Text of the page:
Monday, August 26, 2013

CHOLESTEROL CLARITY


 

Cholesterol got a bad rap. The evidence continues to accumulate that cholesterol is not the villain it is made out to be, but is actually part of your body's defense system against the real killers: chronic inflammation, the lack of good, natural fats, and stress. Dr. Dwight Lundell, one of the 29 experts interviewed by author Jimmy Moore in Cholesterol Clarity, noted that in the absence of inflammation, "Cholesterol would move freely throughout the body as nature intended."  

Mark Sisson, another contributor, said, "Cholesterol is one of the most important molecules in the human body: we would die very quickly without it. It's an integral part of cell membranes. It’s involved in the creation of vitamin D and in the formation of many important sex hormones and it is necessary for the production of bile, which is critical to our ability to emulsify and digest fats." Jimmy Moore points out another of its many health benefits, "Cholesterol is a major line of defense when your immune system comes under attack. So lowering cholesterol levels artificially with drugs could make you more susceptible to germs or bacteria, wreaking havoc on your health." Cholesterol is also essential for proper brain function, as the brain contains more cholesterol than any organ in the body. Both testosterone and estrogen are made out of cholesterol. (Is it a coincidence that the same companies that sell statins also sell Viagra and Cialis?)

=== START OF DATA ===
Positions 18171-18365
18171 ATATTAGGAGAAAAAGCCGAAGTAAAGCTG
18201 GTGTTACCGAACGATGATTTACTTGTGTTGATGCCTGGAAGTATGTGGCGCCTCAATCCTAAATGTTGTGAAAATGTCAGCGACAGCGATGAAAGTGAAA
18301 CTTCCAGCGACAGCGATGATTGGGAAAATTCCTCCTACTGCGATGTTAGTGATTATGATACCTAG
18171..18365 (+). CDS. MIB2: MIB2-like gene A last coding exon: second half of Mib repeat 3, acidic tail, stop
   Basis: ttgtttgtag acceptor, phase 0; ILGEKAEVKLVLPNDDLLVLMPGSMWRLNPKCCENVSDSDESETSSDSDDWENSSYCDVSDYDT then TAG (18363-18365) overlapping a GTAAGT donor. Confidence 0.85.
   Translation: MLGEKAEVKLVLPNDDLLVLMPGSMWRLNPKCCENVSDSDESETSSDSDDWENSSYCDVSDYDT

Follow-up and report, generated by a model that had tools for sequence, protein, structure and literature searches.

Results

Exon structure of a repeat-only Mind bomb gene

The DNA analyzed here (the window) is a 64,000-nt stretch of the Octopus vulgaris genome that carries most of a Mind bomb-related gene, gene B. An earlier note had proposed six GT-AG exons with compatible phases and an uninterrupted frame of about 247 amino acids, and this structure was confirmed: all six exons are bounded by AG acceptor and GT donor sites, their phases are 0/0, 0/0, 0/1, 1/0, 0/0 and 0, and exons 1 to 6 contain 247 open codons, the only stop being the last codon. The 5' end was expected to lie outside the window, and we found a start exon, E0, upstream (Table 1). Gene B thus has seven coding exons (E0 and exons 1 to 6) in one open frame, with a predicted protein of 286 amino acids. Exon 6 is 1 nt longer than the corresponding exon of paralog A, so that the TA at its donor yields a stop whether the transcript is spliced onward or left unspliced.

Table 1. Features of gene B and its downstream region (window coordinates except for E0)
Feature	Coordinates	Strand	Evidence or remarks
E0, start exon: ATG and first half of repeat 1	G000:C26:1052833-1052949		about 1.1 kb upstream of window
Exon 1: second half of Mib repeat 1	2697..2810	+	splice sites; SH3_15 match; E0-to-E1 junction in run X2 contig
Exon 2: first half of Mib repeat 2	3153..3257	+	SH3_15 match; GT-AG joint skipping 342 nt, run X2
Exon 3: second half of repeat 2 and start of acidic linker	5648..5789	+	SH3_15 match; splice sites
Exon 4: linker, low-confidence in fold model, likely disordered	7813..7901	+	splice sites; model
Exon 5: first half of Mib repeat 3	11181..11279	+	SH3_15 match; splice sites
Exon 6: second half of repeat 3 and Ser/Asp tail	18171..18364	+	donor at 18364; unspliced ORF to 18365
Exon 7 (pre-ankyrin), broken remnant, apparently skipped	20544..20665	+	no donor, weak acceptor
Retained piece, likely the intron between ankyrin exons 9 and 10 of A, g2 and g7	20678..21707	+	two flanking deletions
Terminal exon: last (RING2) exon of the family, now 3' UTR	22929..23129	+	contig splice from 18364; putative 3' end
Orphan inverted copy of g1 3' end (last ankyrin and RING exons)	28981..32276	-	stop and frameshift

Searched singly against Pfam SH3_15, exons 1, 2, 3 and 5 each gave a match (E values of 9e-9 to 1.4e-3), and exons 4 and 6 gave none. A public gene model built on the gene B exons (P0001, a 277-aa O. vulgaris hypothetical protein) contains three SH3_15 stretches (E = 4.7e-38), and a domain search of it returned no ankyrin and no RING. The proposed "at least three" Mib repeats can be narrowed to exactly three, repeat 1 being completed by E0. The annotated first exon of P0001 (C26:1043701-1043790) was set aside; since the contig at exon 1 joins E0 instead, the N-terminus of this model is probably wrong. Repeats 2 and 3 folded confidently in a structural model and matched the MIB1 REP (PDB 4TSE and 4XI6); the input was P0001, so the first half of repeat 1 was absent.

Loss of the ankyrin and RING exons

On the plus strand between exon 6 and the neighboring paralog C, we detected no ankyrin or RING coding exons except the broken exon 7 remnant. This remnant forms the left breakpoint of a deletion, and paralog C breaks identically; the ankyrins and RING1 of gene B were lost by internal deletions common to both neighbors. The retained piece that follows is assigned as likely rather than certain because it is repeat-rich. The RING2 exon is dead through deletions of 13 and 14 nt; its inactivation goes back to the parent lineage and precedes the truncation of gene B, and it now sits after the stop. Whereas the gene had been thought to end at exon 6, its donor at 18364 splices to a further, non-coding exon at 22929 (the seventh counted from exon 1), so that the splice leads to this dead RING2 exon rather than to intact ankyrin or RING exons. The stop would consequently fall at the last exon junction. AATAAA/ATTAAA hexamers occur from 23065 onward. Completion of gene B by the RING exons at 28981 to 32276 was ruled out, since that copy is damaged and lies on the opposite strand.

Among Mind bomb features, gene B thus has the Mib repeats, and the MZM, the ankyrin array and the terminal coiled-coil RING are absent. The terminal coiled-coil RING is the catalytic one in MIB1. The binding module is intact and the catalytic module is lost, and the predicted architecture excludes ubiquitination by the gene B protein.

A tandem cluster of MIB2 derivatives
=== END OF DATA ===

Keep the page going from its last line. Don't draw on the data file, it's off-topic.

Here is a eye-opening quote from Dr. Malcolm Kendrick: "There is absolutely no correlation between saturated fat intake, cholesterol levels, and heart disease. The most accurate research looking at this issue in different countries is the MONICA (Monitoring of Trends and Determinants in Cardiovascular Disease) study that started in the mid-1980s and is run by the World Health Organization. If you look at the figures, it’s extremely clear that the countries whose populations have the highest saturated fat intake tend to have slightly higher cholesterol levels, but all have lower rates of heart disease. We’re talking about a difference of 700 percent! The country whose people eat the highest level of saturated fat in Europe is France. Their average total cholesterol is 215 mg/dL, and yet their rate of heart disease is one seventh that of people in Ukraine, where people eat less than half the amount of saturated fat and their average cholesterol levels are slightly lower. So from this data we learn that the countries with the highest saturated fat consumption all have lower heart disease levels than the countries with the lowest saturated fat consumption...."

What’s more, we are learning that LOW cholesterol may be really bad for us. One study of 120,000 men, published recently in the Scandinavian Journal of Health Care, shows that higher than the recommended level of cholesterol is associated with a reduced risk of death in subjects 50 and over. (Association of lipoprotein levels with mortality in subjects aged 50 + without previous diabetes or cardiovascular disease: A population-based register study. Scandinavian Journal of Primary Health Care 2013;31(3):172-180.)